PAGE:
- Refraining from any substances
- Eating healthy
- Taking care of your basic needs
Taking Care of Your Mind
The recovery process is even more mental than it is physical. People in treatment for addiction are going to go through a wide array of emotions, thoughts, and will have cravings, triggers, and desires. It is imperative that at this vulnerable time, these individuals take wonderful care of their mental health…by doing things they probably already know how to do. The point is that during this difficult time, these things need to be done regularly and with purpose. Some examples include:
- Practicing self-care
- Engaging in yoga, mindfulness, meditation, or prayer
- Taking time for yourself
- Talking to a counselor
- Getting out in natural and/or enjoying time with animals
- Combating negative thoughts with positive ones
- Setting up short and long-term goals
- Cleaning your space to declutter
- Getting enough sleep
Taking Care of Your Relationships
Lastly, it is a good idea to continue working on relationship skills while beginning the recovery process. Of course, you do not want to invite or keep people in your life that are of a negative influence or have played a big part of your addiction in the past. Keep yourself surrounded by a positive, supportive group of people (family, friends, mentors), that will provide encouragement and assistance. Ways in which you can continue to take care of important relationships are:
- Working on healthy and effective communication skills
- Building and maintaining trust
- Searching for a mentor who can help guide you through this process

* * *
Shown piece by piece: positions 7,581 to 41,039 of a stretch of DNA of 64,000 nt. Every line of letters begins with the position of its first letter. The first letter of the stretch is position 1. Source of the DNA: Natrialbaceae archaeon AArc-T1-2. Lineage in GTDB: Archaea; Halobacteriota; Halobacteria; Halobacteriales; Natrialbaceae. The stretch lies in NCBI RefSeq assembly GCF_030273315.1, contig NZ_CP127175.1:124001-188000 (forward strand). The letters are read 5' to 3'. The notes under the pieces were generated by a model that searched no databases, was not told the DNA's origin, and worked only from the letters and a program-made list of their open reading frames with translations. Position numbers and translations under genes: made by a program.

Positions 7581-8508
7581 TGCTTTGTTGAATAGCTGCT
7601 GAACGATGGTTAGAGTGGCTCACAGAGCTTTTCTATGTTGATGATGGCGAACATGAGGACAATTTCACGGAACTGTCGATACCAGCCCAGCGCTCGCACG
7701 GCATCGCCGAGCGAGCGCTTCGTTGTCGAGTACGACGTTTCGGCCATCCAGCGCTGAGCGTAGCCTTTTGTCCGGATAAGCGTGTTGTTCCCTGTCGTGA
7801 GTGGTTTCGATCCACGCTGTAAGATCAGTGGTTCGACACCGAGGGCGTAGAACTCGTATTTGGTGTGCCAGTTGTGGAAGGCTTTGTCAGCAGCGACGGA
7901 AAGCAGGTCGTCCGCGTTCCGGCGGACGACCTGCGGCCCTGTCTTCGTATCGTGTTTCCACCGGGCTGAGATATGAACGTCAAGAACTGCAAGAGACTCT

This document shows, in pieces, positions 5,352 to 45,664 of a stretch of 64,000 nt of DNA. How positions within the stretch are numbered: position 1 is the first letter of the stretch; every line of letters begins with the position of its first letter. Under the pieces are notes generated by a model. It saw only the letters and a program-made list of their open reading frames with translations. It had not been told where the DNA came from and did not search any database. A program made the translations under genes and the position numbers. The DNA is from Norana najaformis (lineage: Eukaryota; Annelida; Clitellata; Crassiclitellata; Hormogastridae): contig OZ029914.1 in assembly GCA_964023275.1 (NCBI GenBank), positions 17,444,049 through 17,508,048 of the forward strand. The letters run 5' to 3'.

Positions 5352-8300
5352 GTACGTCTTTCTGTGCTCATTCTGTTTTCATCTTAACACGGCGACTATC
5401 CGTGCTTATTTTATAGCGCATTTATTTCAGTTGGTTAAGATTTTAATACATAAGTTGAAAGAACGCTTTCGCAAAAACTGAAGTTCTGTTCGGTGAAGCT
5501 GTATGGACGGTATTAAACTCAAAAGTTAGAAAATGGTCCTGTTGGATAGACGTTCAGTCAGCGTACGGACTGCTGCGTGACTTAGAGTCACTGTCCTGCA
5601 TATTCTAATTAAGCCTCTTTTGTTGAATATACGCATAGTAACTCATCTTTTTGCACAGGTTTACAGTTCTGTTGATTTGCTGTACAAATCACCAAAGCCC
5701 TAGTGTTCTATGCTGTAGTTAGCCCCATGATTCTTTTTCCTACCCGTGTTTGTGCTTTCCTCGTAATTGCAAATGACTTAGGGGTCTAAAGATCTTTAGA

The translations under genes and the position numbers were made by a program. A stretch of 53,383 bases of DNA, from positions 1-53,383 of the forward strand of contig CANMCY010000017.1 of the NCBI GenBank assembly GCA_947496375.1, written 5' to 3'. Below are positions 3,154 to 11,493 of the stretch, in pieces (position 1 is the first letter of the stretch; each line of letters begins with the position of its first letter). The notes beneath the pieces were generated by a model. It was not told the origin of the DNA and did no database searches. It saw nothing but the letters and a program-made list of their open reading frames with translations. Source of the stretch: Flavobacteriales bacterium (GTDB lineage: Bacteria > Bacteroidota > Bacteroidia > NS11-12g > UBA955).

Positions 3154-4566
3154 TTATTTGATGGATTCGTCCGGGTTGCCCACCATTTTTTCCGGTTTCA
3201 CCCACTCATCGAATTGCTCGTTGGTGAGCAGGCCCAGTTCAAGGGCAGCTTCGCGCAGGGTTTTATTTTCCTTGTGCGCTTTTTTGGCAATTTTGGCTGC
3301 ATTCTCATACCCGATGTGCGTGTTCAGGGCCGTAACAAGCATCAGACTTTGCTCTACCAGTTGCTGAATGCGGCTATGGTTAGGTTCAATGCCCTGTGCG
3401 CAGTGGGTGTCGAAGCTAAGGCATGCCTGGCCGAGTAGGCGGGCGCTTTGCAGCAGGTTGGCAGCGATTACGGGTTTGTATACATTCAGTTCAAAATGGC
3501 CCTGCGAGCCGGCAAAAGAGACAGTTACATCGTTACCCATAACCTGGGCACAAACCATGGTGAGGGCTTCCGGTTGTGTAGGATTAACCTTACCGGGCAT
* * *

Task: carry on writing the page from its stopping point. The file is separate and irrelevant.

- Finding new healthy activities to do together
- Searching for an accountability partner
- Mending past issues
- Going to counseling together to improve your relationships
Remember that certain family members and friends won’t be the best to have around during this challenging time. That’s okay. You need to do what is best for you, especially during the early moments of recovery when you may be especially sensitive, emotional, and vulnerable. Take a stance and respectfully tell those that need to hear it that you need to take a step back from the relationship with them in order for you to focus on your recovery.
Possessing the traits listed above and having or acquiring these skills while in early recovery is crucial to your success in treatment. If you are having a difficult time with any of these skills or want to know how to build upon them so that you can be even stronger physically and mentally, speak with your counselor or mentor.
If you haven’t decided on a treatment program just yet but are looking around for one, contact Continuum Recovery Center of Colorado, where they know exactly what you need to recover successfully.
Our highly-trained and compassionate treatment team of licensed therapists, doctors, nurses, and counselors take a 365-degree approach to treating your illness. With medical and clinical support, education, and life-balance skills, we’ll help you understand the root causes of your substance abuse progression, empower your recovery and well-being, and help you reclaim a life you love.